Pan-London voluntary group BTWSC/African Histories Revisited and related associations expect to productively occupy your Mondays in September, by offering a varied menu of accessible history programmes. As it’s via Zoom (https://bit.ly/MondayXtraHisSes2020), the target audience is international, rather than the usual London-focus.
The Sessions are family-friendly, and aim to improve knowledge of African history through an accessible and engaging manner for a deliberately wide audience, that cuts across age; ethnicity; geographical location; knowledge specialism; or industry or fraternity associations. In other words, ALL are welcome!
The format of the Sessions, which take place 6-9pm (UK GMT+), starts with the screening of a specially made or re-configured video that provides some historical context to the topic of discussion. This is followed by a discussion on any aspect of points raised in the video, led by music industry and history consultant Kwaku, with input from special guest(s). A poll will be conducted towards the end, to gauge attendee views on particular aspects of the discussion.
The first Session on Sep. 7 is entitled A HISTORY OF BRITISH BLACK MUSIC THROUGH THE AGES. This takes the audience on a 2,000 year trip through British black music history. Music fans will be expected to fill in some of the gaps.
With this year being the 80th anniversary of the death of pan-Africanist icon Marcus Garvey in London and the 100th anniversary of the first international convention in New York of his organisation UNIA-ACL (Universal Negro Improvement Association-African Communities League), the second Session is very timely. HIGHLIGHTING MARCUS GARVEY, UNIA & GARVEYISM THROUGH FILM, which takes place Sep 14, provides useful backstory to the work of Marcus Garvey & the UNIA-ACL 80:100.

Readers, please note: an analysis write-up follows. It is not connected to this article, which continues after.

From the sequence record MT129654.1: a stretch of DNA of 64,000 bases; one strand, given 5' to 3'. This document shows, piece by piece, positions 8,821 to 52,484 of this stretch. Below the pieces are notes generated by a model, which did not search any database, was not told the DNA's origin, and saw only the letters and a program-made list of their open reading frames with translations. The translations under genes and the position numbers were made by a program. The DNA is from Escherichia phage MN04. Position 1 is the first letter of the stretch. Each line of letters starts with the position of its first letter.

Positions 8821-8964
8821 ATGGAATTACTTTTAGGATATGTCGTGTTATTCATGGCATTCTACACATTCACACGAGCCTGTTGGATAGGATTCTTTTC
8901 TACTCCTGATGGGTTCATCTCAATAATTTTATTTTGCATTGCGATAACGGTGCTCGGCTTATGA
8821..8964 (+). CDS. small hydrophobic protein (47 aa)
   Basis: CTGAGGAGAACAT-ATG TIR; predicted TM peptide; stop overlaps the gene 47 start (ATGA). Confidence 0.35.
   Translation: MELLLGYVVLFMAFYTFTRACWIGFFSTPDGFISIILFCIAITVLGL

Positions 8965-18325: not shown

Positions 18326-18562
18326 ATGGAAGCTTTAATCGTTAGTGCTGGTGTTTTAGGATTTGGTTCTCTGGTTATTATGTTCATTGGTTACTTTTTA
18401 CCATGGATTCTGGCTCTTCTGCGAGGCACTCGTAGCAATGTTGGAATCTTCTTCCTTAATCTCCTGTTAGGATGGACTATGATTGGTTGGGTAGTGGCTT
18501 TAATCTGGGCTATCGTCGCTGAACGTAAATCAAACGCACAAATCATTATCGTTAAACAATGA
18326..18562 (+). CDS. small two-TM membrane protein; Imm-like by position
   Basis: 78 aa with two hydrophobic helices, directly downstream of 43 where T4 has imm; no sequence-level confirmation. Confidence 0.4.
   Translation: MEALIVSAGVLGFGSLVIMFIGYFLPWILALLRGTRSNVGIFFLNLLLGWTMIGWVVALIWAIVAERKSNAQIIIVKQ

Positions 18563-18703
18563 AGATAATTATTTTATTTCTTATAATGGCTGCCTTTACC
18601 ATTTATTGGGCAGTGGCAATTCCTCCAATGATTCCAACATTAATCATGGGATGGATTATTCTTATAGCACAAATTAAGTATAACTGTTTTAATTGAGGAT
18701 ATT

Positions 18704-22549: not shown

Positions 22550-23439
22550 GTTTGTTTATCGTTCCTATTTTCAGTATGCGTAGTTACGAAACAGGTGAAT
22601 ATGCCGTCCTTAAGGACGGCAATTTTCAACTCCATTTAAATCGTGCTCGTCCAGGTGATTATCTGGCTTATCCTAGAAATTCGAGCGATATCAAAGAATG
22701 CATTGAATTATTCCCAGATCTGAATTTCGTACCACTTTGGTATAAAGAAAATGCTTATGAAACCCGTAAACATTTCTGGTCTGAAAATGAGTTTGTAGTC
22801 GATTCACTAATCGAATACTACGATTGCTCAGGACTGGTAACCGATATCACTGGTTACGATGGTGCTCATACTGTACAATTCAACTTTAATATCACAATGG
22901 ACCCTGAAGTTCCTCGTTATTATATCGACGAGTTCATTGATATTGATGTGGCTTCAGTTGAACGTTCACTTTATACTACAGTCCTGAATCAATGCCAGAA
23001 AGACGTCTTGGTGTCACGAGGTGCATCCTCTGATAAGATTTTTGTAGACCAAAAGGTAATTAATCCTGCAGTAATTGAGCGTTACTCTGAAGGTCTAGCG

The third Session on Sep 21 is I WAS IN NURSING BEFORE WINDRUSH AND THE NHS. It contrasts the ubiquitous story of the Windrush generation Africans coming to the UK from the Caribbean, by giving space to the story of a nurse from the Gold Coast (present day Ghana), who was working in the health service from 1947, which was before the docking of the Empire Windrush from the Caribbean and the formation of the NHS (National Health Service) in 1948.
The last Session, for now, is on Sep. 28. THE RE:IMI UK MUSIC INDUSTRY AND RACISM FILM REMIX highlights the little known history of the intersection of music and racism (and apartheid) over the decades, and how today’s music industry is dealing with it in a post-George Floyd/#BlackOutTuesday world. Representatives of the music industry respondents to the RE:IMI Black Out Tuesday UK Music Industry Race Diversity Report are expected to talk about some of their programmes dealing with racism. Click here to read Report and here for the Press Release.
These events are open to everyone, including those from non-AAME (African, Asian, Minority Ethnic) backgrounds, who since George Floyd’s death have been firming their allyship by reading African history and biographies, and attending racism training programmes.
There’s also another opportunity for allies, particularly gate-keepers and those championing race/ethnicity-facing diversity change, to understand the politics of language and its impact on their diversity, anti-racist and decolonising work. Due to popular request, BTWSC/African Histories Revisited is repeating on the Interrogating Language Of Identity And Decolonising event on Wednesday Sep 9.
This Zoom (https://bit.ly/IdentityLanguage2) meeting is the forum for exploring identity language and terminologies within the workplace, academia, heritage, political and anti-racist spaces, from a British African context.
Photo by Des Chisholm (BTWSC/AHR)
History consultant Kwaku presenting ‘The Commemorating African Jubilee Year 1987-88 @ 30’, about the history Of Black History Month In Britain, at City Hall in 2018